Homestead Roots Newsletter – 5/22/2024

Another week has passed and I am excited to share another update from the homestead and garden! We’ve stepped into a wet pattern here in Wisconsin. The way the past few years have gone it is difficult to complain about any moisture, so I won’t. I think we got about 3″ of rain yesterday. The garden will soak it up and grow and of course so will the weeds. That is just how it goes!

Great Progress on the Homestead Garden

The homestead garden. It’s a little ugly but should grow us food!

We made excellent progress on our homestead garden over the weekend. We really committed most of our Saturday to that project. Step one was to complete the prep for our garden beds. This meant bringing in healthy amounts of our homemade compost, dumping it on the beds and then raking it smooth. Each garden bed is about 6 feet wide. That will give us two 30″ beds and a 12″ walking path or just a nice wide 6 foot bed. Ingrid and the kids planted our potatoes after getting the beds prepped. Nice to have something in the ground down there!

The boys and I then got to work finishing up the fence. We know better than to put in a garden without a fence! The deer are pretty active around here, we use a heavy duty 7.5′ plastic deer fence. I did a quick video on the fence on our social media: The fence has two permanent sides and two sides that will be removable. This will allow us to take down the fence a couple of times per year for harvest and bed preparation. The alternative would be putting in a large gate or two, which is costly and extra labor.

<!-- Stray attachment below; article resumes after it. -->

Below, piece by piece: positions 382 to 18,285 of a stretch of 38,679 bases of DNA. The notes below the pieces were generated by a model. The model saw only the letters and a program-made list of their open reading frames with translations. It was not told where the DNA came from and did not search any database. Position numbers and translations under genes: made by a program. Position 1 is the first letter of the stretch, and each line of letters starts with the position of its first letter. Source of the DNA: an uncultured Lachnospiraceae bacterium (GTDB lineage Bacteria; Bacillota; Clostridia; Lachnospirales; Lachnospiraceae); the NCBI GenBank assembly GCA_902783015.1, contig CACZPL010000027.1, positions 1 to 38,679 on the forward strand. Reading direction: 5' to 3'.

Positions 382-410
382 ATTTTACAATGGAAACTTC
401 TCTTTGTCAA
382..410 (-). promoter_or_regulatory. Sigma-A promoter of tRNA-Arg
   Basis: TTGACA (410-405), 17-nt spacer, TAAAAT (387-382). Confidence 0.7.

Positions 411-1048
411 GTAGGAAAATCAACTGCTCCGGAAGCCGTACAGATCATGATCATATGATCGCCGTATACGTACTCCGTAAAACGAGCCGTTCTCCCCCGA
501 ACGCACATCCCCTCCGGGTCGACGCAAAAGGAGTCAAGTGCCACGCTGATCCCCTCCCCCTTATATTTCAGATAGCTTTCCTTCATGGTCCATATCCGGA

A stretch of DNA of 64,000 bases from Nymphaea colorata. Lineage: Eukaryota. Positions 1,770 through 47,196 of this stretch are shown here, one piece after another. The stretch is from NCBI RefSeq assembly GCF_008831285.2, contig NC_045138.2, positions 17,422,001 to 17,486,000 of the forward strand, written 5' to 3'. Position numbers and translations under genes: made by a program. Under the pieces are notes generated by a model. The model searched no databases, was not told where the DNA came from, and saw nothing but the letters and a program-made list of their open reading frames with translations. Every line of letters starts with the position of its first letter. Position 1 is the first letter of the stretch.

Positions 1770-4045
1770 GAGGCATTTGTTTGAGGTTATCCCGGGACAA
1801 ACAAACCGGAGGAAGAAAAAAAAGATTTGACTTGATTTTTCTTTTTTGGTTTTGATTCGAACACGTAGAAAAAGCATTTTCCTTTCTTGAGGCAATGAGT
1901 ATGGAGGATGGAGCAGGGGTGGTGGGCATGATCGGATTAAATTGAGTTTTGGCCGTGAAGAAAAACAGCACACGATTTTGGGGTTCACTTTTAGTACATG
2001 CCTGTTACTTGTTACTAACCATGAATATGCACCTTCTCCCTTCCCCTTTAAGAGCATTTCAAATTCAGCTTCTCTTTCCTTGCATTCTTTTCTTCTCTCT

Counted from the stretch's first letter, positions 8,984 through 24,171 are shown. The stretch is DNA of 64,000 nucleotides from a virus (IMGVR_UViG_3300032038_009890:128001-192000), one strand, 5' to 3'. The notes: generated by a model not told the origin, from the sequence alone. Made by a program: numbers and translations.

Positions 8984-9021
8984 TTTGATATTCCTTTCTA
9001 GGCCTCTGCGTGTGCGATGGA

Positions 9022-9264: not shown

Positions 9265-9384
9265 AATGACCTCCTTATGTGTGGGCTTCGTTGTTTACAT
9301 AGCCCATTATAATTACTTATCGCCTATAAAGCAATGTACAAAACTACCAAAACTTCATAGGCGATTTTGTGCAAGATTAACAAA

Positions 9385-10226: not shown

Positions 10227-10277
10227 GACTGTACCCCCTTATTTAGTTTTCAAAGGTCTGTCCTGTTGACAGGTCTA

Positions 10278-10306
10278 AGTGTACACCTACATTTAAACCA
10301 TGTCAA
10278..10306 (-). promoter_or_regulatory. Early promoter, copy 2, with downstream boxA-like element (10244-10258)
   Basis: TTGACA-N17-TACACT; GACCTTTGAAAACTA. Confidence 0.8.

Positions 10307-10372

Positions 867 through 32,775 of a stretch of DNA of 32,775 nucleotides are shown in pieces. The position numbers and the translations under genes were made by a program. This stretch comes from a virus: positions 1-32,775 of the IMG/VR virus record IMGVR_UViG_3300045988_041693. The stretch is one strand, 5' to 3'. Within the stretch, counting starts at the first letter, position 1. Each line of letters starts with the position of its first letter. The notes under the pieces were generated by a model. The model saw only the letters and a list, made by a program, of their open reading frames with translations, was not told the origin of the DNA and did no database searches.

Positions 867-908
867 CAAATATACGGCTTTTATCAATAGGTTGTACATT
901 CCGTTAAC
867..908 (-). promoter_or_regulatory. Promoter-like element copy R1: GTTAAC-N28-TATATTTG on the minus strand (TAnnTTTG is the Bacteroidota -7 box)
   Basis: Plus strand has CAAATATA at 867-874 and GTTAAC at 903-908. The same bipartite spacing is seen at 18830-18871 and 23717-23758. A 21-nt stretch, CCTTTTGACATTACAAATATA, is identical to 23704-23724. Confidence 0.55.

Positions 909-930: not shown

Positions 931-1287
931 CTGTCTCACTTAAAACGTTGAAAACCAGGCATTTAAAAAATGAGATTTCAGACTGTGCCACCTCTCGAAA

After getting the fence up we moved down some of our orchard trees. The trees were overdue to be moved! We grafted them 3 years ago now and have been keeping them happy in a small nursery bed in the garden ever since. Last year they got really chewed down by the rabbits, so we had to cut them way back and basically start from scratch. They are all a bit odd looking but hopefully they find their path!

After transplanting the first round of trees and doing a little more research we decided to wait on the other trees. It isn’t the best idea to move trees that are fully leafed out. I think the trees we moved will be fine but moving the rest of the trees when they are dormant and not so vulnerable to drying out seems like a better plan. We will see if we stick to that. We might just do it anyway, if the first round of trees look OK. In all we transplanted 10 trees. We watered them in good for a few days and the rain has helped us a lot as well. I did prune the trees back as well to help them get established.

Next up we need to keep filling the garden beds! This will mean onions, dried beans, popcorn, winter squash and pumpkins.

Meat Chickens Part 1 of 2

Freedom ranger meat chickens.

Cornish cross meat chickens.

We’ve been doing meat chickens about as long as we’ve been homesteading. Many lessons have been learned! I will make this a two part series with more details on how we raise them next week. Here are a few don’t lessons:


Brood them in your basement, SO MUCH DUST

Start them too early or too late, if you start too early you might be delayed getting them to pasture and if you start too late it may get too cold for them

Be mindful of the heat. Full grown meat chickens in chicken tractors in the July/August heat can be a problem. We’ve had to mist birds to keep them cool and have lost birds to the heat as well

Be unprepared at butcher time. Find some friends or borrow some equipment. Butchering is much easier with the right equipment. If you only have a few birds it is doable but if you have more than 25, good equipment is recommended.